There’s a joke that Keith Kaplan tells on twitters every once in a while, when someone new jumps into the middle of a discussion that’s been going on forever.
It’s like Twitter is a bar argument that resets every time a new patron walks in and says, “so, what are we fighting about today?”
For the new guy, it’s all new.* What a cool argument! Let’s start at the beginning, running through every claim, real or imagined, every argument, sound or debunked, as if nobody ever said it, thought it, discussed it before. Hey, isn’t the new guy entitled to start the journey again, for himself? And aren’t you, the old guy, obliged to suffer through it again? Multiply that by ten, ten thousand, and it gets old fast.
I used a similar title for one of my columns at ATL about four years ago, but I figure about 90 percent of my readership has turned over since then. And the substance of this column is very different from the substance of the old one.
The link in the quote probably won’t take you anywhere. If ATL still had an editor, that might have been caught and corrected, but the putative boss, Joe Patrice, is too busy trying to come up with snarky ways to goad the unduly passionate into mindless abandon to bother with such mundane chores as fixing links. Here’s the link Mark intended to include, a post about how we all grow older (if we’re lucky, of course).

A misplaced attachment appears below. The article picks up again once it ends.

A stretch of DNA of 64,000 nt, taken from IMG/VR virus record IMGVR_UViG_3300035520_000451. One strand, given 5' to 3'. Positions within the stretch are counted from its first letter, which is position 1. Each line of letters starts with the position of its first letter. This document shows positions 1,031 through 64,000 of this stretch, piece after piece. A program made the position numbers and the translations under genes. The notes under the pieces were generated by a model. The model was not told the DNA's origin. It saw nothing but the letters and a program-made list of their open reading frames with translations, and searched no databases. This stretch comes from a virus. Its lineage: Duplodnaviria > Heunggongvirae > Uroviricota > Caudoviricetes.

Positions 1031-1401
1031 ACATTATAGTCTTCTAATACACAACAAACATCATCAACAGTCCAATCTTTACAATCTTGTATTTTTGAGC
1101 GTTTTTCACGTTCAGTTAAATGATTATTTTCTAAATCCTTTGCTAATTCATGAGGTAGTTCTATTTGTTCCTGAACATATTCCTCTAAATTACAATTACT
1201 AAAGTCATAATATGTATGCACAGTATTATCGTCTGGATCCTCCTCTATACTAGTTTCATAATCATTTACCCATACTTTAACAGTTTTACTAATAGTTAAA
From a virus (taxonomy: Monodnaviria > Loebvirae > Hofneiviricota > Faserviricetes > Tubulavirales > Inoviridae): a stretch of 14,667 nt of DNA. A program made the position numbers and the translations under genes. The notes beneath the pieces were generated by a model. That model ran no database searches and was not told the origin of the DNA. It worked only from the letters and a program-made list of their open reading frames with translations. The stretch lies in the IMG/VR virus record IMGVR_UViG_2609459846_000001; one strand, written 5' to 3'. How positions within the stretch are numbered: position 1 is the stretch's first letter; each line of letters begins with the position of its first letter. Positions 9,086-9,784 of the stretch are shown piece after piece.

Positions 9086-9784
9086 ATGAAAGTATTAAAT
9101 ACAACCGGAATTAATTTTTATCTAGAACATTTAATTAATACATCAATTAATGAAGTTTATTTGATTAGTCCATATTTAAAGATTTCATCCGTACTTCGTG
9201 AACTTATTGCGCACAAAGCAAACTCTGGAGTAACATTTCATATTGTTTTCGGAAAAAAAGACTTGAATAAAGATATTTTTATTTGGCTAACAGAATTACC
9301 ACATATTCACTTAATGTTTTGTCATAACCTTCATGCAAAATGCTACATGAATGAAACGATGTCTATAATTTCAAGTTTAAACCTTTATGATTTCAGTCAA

I read recently (in the New York Times, I think, but Google won’t let me find the article) about how growing old changes your perspective on things. You no longer count the number of laps that you’ve run, but instead focus on the number of laps remaining in the race.
Mark and I both started practicing law the same year, 1983, so I get what he’s saying. The point is that n00bs don’t, can’t, because they haven’t gone through our experiences. And that brings us back to his latest post.
Here’s the substance of this column: You should always think about your audience, including the age of your audience, when you speak. After all, as difficult as it is to believe, it isn’t about you when you speak; it’s about your audience. If, as is likely, you’re not yet 50, please consider the fact that your audience might have a great deal more experience than you do.
He goes on to give examples, like the new corporate person who wants to reinvent the wheel at the start of a meeting that everyone else in the room has endured for decades before, or the new associate who comes to the epiphany about how some banal aspect of law works and wants to tell you all about his discovery, at great length, without considering for a moment that you not only know it already, but know it in a thousand permutations that he’s yet to see or even realize exists.
Because Mark writes for ATL, which was once a snarky and interesting law blog many years ago, he puts it in terms of law.